During the Miocene, climates were warmer than today, allowing animals such as alligators to flourish in the Chesapeake Bay region. Compared with that time, much of the modern world's water is locked up in continental ice sheets. As a result, current sea levels are lower, and the Miocene sediments of the bay region are exposed above water. Today's cliffs were formed by recent beach erosion.


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Remains of many sharks that were preserved in the cliffs can be found even today. By finding fossilized sharks teeth it's possible to measure the diversity of Miocene shark species. Among the most common were Galeocerdo contortus, and G. triqueter (Tiger Sharks), Hemipristis serra (Requiem Shark), Oxyrhina desorii (Mackerel Shark), Sphyrma prisca (Hammer-head Shark), and Odontaspis elegans (Sand Shark). See below for a comprehensive listing of the sharks teeth found. While searching the beaches of Calvert Cliffs, it is common to find 100 to 200 sharks teeth a day. As students at the University of Maryland, we were on a tight schedule so we could only spend a couple hours searching for fossils at the cliffs. But despite our time shortage all of the students from the ELT program at UMD were very proud of the amount of sharks teeth we went home with. The Chesapeake beach environment, particularly Calvert Cliffs, is a unique place to learn about the history of the Miocene epoch, to learn about fossilization, and to have a good time hunting fossils.

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Examples of fossil shark teeth recovered at Chesapeake Beach

Identified and scanned by Patricia Scott

Specimens appear at twice their actual size.


Scientific name: Carcharhinus priscus
Group: Carcharhiniformes
Common name: Gray shark
Found by: Fern Gookin
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Scientific name: Carcharhinus priscus
Group: Carcharhiniformes
Common name: Gray shark
Found by: Fern Gookin
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Scientific name: Carcharhinus priscus
Group: Carcharhiniformes
Common name: Gray shark
Found by: Natalia Costello
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Scientific name: Carcharhinus sp.
Group: Carcharhiniformes
Common name: Gray shark
Found by: Fern Gookin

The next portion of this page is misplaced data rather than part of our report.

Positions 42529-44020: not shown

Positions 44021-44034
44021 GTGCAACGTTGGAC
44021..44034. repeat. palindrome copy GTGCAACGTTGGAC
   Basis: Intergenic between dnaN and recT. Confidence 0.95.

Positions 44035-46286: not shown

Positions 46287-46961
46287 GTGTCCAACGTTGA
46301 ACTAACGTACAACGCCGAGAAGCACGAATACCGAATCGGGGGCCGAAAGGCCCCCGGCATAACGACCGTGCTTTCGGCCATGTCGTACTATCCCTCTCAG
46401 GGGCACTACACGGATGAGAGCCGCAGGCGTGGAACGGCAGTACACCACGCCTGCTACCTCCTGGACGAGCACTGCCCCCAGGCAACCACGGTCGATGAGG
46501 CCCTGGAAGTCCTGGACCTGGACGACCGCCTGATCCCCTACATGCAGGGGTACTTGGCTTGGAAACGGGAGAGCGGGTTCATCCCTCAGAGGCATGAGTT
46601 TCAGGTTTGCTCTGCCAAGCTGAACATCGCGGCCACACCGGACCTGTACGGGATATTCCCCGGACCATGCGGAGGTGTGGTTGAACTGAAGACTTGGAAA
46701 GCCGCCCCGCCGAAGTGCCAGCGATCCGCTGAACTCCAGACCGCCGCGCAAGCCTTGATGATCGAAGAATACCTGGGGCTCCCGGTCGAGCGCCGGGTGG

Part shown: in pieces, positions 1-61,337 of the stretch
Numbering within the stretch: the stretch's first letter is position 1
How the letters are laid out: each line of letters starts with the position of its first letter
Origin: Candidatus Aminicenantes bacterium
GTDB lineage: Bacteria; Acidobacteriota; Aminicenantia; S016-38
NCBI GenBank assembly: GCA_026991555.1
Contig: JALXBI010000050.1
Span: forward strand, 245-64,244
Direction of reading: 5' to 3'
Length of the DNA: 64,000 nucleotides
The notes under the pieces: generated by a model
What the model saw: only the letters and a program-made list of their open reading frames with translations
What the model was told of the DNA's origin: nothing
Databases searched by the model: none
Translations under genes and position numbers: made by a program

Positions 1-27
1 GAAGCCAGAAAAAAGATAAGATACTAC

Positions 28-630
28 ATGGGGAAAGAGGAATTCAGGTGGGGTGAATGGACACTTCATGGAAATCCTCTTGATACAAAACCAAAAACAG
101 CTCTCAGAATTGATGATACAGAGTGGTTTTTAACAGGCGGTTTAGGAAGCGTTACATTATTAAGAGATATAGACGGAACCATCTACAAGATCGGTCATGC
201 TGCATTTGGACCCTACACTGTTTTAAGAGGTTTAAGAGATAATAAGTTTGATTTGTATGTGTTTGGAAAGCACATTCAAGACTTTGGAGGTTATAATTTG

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Scientific name: Galeocerdo contortus
Group: Carcharhiniformes
Common name: Tiger shark
Found by: Dr. John Merck
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Scientific name: Isurus hastalis
Group: Broad-tooth Lamniformes
Common name: Mako shark
Found by: Christopher Wordlaw
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Scientific name: Isurus desori
Group: Broad-tooth Lamniformes
Common name: Mako shark
Found by: Annette Murano
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Scientific name: Hemipristus serra
Group: Carcharhiniformes
Common name: Snaggletooth shark
Found by: Dr. John Merck
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Scientific name: Carcharhinus egertoni
Group: Carcharhiniformes
Common name: Gray shark
Found by: Myung Choi
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Scientific name: Carcharias cuspidata
Group: Narrow-tooth Lamniformes
Common name: Sand tiger shark
Found by: Amanda Pomicter
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Scientific name: Carcharias cuspidata
Group: Narrow-tooth Lamniformes
Common name: Sand tiger shark
Found by: Dr. John Merck
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Scientific name: Carcharias cuspidata
Group: Narrow-tooth Lamniformes
Common name: Sand tiger shark
Found by: Dr. John Merck
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Scientific name: Squatina subserrata
Group: Squatiniformes
Common name: Angel shark
Found by: Nikkia Hansberry
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Scientific name: Aetobatis sp.
Common name: Eagle ray
Found by: Dr. John Merck